Posted by: suemason | December 10, 2009

maid in china

Maid In China
Nearly every home in Shanghai has a maid, or Ayi. The word Ayi means auntie but an interesting side affect of the Country’s one child policy is the disappearance of some words from the dictionary. For example, Mandarin has separate and distinct words for older brother and younger brother. Likewise the names for sisters – mei mei and jie jie. In time siblings might expect to become aunts and uncles but no siblings means no aunts and as no one under the age of thirty has these relatives, the words themselves are becoming as extinct as a panda.
There is an Ayi where I am staying. She works six days a week, arriving mid morning and leaving at 5.00pm. An Ayi is most likely to be a woman from one of the poorer provinces. She will have a child and possibly a husband back there, whom she will visit only once at Chinese New Year. Then, the bus and railway stations of Shanghai are thronged with migrants. There has been a reporting of a new trend in ex-pats employing a male to undertake Ayi work. With great
imagination, they are known as Man-yi. Man or woman, they are much more than a cleaner. They get roped in for all the activities of the household from dog-walking to child rearing. Often ex-pats will declare, ‘my Ayi will do it/ collect it/ deliver it. And they do. Shopping for the family, they get the best deals in the markets too. Of course there are the tales of Ayi catastrophes from shrinking the best cashmere sweaters, to letting the children play on the roof. But the stories of ex-pats flying off home, then returning to find film in their camera of their Ayi and her friends dressed up and smiling in her family’s clothes must be an urban myth, surely.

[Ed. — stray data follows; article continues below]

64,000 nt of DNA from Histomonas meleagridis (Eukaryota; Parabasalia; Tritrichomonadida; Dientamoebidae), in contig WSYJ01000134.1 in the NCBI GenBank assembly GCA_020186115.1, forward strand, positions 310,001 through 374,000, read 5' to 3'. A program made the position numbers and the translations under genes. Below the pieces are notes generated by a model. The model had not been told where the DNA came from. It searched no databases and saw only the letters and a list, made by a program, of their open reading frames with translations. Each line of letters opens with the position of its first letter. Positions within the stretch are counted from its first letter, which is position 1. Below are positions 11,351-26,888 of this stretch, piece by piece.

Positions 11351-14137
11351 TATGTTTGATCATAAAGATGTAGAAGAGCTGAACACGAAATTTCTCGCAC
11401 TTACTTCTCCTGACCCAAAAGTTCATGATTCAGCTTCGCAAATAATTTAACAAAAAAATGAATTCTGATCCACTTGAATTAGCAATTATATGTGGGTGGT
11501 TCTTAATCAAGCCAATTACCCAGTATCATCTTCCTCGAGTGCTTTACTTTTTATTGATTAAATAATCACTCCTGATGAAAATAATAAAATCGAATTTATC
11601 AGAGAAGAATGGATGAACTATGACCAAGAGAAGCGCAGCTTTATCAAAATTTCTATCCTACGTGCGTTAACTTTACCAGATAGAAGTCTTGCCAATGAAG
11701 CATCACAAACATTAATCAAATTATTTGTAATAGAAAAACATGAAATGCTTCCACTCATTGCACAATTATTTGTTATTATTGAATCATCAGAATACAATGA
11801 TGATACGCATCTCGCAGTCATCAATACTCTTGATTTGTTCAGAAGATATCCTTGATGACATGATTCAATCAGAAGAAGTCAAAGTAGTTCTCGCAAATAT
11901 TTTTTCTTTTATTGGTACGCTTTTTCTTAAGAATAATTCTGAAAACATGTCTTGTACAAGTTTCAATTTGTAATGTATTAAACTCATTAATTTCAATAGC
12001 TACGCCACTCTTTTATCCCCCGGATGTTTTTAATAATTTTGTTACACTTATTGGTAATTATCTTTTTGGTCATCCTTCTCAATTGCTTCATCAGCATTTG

1. A little job for your Man-yi in that case, Nip round Macau, I have got the address but won’t post it and check out the splendid E1 SA 285R which resides at the house of one Eddie Chan. New Zealand have supplied him with spares fairly recently and this car has, it is said, been raced in the 4th Grand Prix of Macau (1954/5). If Eddie needs a hand, help him, and then be back to get the tea on. Today will do, don’t put your Man-Yi under any pressure. Eddie has been a JCC Member since 2008

  2. oh, no… My family does not have an A-yi

  3. Well, Li If you need someone to help you around your home, can I come and be your A-yi?
    My skills are limited but we could sing duets while doing the dusting.

Leave a Reply

Fill in your details below or click an icon to log in: Logo

You are commenting using your account. Log Out / Change )

Twitter picture

You are commenting using your Twitter account. Log Out / Change )

Facebook photo

You are commenting using your Facebook account. Log Out / Change )

Google+ photo

You are commenting using your Google+ account. Log Out / Change )

Connecting to %s


%d bloggers like this: